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Background and aims

Direct messaging via text messages (texts) and emails is a widely used method to advertise sports and race-betting offers. However, they have attracted little research, as this advertising is not in the public domain. This study aimed to determine whether betting expenditure is related to receiving direct wagering messages, and the specific inducements they promote. We hypothesized that receiving direct messages, particularly texts, would be related to betting expenditure within 24 hr.

Methods

In this ecological momentary assessment study, regular sports (n = 98) and race (n = 104) bettors from Australia completed short daily surveys over 1 week that captured exposure to direct messages, betting behavior in the previous 24 hr, and betting intention for the next 24 hr. Respondents were asked to forward any texts and emails received to the researchers, who coded them for inducement content.

Results

Longitudinal analyses found that receiving emails was positively associated with betting intention, whereas texts were positively associated with higher likelihood of betting and betting expenditure. These effects persisted when controlling for problem gambling status and signature betting events. Refund stake and bonus odds inducements were positively associated with likelihood of race betting (although not in multivariate models), as were bonus winnings inducements for sports betting.

Discussion and conclusions

Direct messages, particularly texts, are powerful marketing tools, encouraging a nearly immediate, and arguably impulsive, betting response, which may increase gambling-related problems. Overseeing this private form of advertising presents challenges to regulators, and to public health efforts that aim to reduce gambling harm.

Open access
Journal of Behavioral Addictions
Authors:
Nerilee Hing
,
Alex M. T. Russell
,
Matthew Browne
,
Matthew Rockloff
,
Catherine Tulloch
,
Vijay Rawat
,
Nancy Greer
,
Nicki A. Dowling
,
Stephanie S. Merkouris
,
Daniel L. King
,
Matthew Stevens
,
Anne H. Salonen
,
Helen Breen
, and
Linda Woo

Abstract

Background and aims

Gambling-related harm to concerned significant others (CSOs) is an important public health issue since it reduces CSOs' health and wellbeing in numerous life domains. This study aimed to 1) estimate the first national prevalence of CSOs harmed by gambling in Australia; 2) identify the characteristics of CSOs most at risk of harm from another person's gambling; 3) compare the types and number of harms experienced by CSOs based on their relationship to the person who gambles; and 4) compare the number of harms experienced by CSOs by self-identified gender.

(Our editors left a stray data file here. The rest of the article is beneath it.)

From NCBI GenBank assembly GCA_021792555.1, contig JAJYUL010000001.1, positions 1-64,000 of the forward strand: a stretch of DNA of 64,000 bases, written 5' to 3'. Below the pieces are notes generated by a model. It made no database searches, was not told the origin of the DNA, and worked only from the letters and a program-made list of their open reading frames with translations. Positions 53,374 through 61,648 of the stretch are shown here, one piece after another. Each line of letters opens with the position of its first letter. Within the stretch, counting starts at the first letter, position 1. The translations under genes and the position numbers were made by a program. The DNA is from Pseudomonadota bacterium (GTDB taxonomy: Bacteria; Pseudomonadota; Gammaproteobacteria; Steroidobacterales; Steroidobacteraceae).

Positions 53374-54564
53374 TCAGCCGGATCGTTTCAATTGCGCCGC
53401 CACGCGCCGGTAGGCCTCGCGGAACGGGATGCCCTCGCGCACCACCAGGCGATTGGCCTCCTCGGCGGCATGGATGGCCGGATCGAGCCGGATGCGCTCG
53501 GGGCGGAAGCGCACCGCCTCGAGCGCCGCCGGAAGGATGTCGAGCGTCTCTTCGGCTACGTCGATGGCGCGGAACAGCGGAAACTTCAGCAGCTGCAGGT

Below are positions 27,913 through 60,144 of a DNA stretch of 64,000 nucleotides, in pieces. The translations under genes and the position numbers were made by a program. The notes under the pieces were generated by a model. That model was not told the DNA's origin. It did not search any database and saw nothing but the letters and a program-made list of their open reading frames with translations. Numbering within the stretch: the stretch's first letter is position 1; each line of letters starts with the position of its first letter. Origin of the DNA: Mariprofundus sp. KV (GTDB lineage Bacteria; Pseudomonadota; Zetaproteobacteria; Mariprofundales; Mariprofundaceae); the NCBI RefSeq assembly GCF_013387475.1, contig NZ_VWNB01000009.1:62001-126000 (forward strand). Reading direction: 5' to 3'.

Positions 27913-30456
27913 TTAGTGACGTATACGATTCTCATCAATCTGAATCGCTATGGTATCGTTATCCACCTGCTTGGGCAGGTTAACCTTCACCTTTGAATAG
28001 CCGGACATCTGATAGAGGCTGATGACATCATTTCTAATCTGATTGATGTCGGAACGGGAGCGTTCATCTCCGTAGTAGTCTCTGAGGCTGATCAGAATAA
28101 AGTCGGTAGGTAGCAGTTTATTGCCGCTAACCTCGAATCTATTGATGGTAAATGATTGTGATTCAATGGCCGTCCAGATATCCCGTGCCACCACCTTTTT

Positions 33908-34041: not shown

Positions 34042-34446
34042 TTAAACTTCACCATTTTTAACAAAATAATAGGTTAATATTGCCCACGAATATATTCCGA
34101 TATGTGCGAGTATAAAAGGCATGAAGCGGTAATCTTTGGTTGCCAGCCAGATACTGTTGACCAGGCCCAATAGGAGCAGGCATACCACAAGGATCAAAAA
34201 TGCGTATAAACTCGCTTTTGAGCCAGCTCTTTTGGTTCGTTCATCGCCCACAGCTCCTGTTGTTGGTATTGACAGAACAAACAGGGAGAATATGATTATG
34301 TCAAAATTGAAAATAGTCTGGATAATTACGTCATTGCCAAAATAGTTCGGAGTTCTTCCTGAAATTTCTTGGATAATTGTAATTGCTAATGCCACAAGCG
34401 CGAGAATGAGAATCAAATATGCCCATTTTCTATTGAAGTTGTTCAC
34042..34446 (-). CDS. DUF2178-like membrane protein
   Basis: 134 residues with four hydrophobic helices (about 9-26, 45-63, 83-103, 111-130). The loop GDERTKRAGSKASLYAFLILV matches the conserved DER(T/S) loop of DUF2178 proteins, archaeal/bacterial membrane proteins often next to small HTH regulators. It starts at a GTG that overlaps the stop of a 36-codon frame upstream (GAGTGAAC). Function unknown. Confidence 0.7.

Methods

Based on a national CATI survey weighted to population norms, 11,560 respondents reported whether they had been personally and negatively affected by another person's gambling in the past 12 months; and if so, answered detailed questions about the harms experienced from the person's gambling who had harmed them the most.

Results

Past-year prevalence of gambling-related harm to adult Australian CSOs was (6.0%; 95% CI 5.6%–6.5%). CSOs most commonly reported emotional harms, followed by relationship, financial, health and vocational harms, respectively. Former partners reported the most harm, followed by current partners, other family members and non-family members, respectively. Female CSOs were more likely to report more harm and being harmed by a partner or other family member, and male CSOs from a non-family member.

Discussion and conclusions

The findings provide new insights into the wider societal burden of gambling and inform measures aimed at reducing harm to CSOs from gambling and supporting them to seek help.

Open access